NPR for Northern Colorado
Play Live Radio
Next Up:
Available On Air Stations

News Corp.'s Board Faces Heightened Scrutiny


Even as the Fed was meeting yesterday, there was a meeting of the board of Rupert Murdoch's News Corp. They met in Los Angeles amid the voicemail hacking and corruption scandal.

NPR's David Folkenflik reports on the heightened scrutiny on that board.

DAVID FOLKENFLIK: Despite the shuttering of the profitable News of the World tabloid, despite the arrests, and despite investigations spreading in two countries, the board late last month said it backed the leadership of Chairman and CEO Rupert Murdoch and his team. No word yet from yesterday's annual meeting.

Both of Murdoch's sons also sit on the media empire's board. His daughter Elisabeth was primed to join too, until the scandal hit. News Corp surprised analysts when it acquired her independent film company for roughly $675 million. Three former News Corp executives and the godfather to one of Murdoch's grandsons are also directors.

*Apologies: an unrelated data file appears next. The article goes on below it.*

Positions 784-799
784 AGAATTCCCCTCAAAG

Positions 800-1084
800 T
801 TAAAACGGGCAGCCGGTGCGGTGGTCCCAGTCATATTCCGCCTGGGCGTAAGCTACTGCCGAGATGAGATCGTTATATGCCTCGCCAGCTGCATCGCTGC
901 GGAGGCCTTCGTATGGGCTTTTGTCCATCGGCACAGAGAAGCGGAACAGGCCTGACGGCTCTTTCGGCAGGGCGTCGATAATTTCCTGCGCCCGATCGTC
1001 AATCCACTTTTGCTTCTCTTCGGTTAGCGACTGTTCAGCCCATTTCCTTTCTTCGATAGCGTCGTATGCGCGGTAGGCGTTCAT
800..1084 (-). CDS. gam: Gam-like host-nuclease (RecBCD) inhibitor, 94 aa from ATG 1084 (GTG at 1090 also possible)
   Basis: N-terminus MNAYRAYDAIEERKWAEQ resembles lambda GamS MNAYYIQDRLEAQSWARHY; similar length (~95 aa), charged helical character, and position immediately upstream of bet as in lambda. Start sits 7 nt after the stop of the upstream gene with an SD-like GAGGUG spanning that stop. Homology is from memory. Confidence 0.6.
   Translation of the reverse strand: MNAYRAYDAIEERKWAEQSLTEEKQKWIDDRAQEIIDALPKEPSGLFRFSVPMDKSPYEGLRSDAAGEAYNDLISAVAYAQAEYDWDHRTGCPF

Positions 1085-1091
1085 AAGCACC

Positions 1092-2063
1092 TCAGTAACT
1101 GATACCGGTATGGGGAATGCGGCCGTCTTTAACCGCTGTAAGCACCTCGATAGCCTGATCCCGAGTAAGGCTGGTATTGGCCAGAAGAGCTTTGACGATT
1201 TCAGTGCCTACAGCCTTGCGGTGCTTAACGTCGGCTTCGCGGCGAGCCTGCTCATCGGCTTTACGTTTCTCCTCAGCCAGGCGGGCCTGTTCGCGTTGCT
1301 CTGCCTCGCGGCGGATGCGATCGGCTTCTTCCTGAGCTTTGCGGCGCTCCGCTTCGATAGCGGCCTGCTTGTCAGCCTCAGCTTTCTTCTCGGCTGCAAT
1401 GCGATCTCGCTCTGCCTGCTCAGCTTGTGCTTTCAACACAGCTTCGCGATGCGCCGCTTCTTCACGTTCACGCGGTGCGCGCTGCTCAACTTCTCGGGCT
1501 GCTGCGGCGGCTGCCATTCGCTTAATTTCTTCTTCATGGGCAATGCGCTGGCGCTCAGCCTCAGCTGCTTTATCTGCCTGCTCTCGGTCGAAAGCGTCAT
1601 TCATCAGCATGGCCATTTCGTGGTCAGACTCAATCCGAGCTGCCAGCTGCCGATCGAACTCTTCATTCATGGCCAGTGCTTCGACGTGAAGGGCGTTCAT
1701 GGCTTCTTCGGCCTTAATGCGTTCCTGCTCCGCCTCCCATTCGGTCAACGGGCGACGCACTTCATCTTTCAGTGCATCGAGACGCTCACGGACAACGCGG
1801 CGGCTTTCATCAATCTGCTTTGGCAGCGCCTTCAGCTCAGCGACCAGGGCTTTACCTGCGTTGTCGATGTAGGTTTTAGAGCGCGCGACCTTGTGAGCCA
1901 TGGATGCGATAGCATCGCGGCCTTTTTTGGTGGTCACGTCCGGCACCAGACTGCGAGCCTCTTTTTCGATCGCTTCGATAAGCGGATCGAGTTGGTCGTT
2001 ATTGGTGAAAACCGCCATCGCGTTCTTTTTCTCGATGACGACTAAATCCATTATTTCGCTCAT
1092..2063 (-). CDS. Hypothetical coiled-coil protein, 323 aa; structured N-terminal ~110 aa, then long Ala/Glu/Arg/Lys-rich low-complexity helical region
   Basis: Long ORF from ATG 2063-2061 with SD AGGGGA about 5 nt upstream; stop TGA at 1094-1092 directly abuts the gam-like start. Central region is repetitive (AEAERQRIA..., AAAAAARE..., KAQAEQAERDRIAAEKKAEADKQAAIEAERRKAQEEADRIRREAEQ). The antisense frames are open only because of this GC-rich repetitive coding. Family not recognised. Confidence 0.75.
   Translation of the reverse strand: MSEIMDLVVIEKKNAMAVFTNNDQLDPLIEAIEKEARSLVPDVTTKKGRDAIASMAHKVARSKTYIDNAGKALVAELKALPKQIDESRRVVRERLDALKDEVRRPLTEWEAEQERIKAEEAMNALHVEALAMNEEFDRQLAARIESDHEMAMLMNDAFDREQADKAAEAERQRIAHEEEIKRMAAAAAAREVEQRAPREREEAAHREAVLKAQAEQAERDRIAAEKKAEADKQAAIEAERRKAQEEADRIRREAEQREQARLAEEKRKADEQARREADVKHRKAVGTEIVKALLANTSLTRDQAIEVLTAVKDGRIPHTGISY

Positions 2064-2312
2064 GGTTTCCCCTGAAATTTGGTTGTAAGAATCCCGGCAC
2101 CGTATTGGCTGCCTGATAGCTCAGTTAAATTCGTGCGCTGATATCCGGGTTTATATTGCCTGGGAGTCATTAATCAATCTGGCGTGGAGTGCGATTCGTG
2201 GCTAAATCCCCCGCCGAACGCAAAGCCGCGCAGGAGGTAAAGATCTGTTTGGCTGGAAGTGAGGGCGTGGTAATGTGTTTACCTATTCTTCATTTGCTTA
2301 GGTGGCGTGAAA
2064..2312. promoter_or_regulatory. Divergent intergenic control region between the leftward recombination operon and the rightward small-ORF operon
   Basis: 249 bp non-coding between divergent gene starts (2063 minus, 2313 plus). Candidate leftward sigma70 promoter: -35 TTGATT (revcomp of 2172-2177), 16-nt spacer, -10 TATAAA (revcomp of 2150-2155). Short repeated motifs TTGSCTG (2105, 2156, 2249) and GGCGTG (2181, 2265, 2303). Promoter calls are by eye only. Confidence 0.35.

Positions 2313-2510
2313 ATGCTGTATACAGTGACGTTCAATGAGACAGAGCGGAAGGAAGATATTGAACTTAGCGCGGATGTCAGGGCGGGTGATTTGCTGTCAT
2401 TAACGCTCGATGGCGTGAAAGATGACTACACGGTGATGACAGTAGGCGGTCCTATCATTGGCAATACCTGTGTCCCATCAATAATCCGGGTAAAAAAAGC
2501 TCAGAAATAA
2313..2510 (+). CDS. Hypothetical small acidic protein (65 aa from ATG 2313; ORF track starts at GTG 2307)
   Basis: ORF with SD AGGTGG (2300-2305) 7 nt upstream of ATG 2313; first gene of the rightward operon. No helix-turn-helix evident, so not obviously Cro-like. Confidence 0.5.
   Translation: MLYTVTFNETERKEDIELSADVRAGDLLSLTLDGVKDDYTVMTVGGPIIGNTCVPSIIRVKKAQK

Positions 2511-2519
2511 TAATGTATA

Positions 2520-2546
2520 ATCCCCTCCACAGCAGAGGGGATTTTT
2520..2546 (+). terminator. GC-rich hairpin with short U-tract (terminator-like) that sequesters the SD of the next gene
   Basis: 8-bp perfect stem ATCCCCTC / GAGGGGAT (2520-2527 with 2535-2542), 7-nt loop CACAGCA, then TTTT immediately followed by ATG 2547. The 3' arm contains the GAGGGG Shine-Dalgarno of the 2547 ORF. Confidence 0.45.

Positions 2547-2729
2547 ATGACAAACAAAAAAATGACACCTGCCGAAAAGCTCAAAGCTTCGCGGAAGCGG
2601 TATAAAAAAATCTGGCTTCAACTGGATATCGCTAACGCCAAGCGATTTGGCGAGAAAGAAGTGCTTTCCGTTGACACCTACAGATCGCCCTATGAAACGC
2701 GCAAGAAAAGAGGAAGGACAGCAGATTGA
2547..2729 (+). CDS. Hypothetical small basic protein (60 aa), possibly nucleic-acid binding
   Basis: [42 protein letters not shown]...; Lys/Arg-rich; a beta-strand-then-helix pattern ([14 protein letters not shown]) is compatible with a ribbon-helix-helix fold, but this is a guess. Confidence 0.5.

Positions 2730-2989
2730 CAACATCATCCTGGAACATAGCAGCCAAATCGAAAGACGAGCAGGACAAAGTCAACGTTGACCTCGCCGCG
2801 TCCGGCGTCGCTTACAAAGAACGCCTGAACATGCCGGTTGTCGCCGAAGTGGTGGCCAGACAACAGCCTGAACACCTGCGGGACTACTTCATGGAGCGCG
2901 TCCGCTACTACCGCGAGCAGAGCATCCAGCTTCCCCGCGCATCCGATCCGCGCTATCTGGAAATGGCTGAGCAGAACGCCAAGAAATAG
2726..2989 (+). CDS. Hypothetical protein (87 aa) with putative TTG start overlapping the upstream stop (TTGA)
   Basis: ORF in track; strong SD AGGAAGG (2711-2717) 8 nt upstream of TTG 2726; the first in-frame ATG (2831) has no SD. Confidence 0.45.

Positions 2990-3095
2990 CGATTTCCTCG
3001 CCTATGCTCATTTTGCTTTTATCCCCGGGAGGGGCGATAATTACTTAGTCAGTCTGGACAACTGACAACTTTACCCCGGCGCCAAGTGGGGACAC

Nell Minow is a leading Murdoch critic who is affiliated with the corporate governance analysis firm GMI.

NELL MINOW: We have consistently given Mr. Murdoch's board an F since they first incorporated in the U.S., and that's only because there's no lower grade.

FOLKENFLIK: Minow argues Murdoch treats the publicly traded company like a family firm, and that the board is helping him to do so.

MINOW: This is a big, big mess. And Rupert Murdoch went to testify before parliament and he said at the same time I didn't know this was going on and I'm the guy to fix it. Those are two incompatible statements and anybody who is swayed by that is not paying attention.

FOLKENFLIK: Yet many investors say they support Murdoch, praising his record. He's set to answer questions on a conference call with investors later today.

David Folkenflik, NPR News. Transcript provided by NPR, Copyright NPR.

David Folkenflik was described by Geraldo Rivera of Fox News as "a really weak-kneed, backstabbing, sweaty-palmed reporter." Others have been kinder. The Columbia Journalism Review, for example, once gave him a "laurel" for reporting that immediately led the U.S. military to institute safety measures for journalists in Baghdad.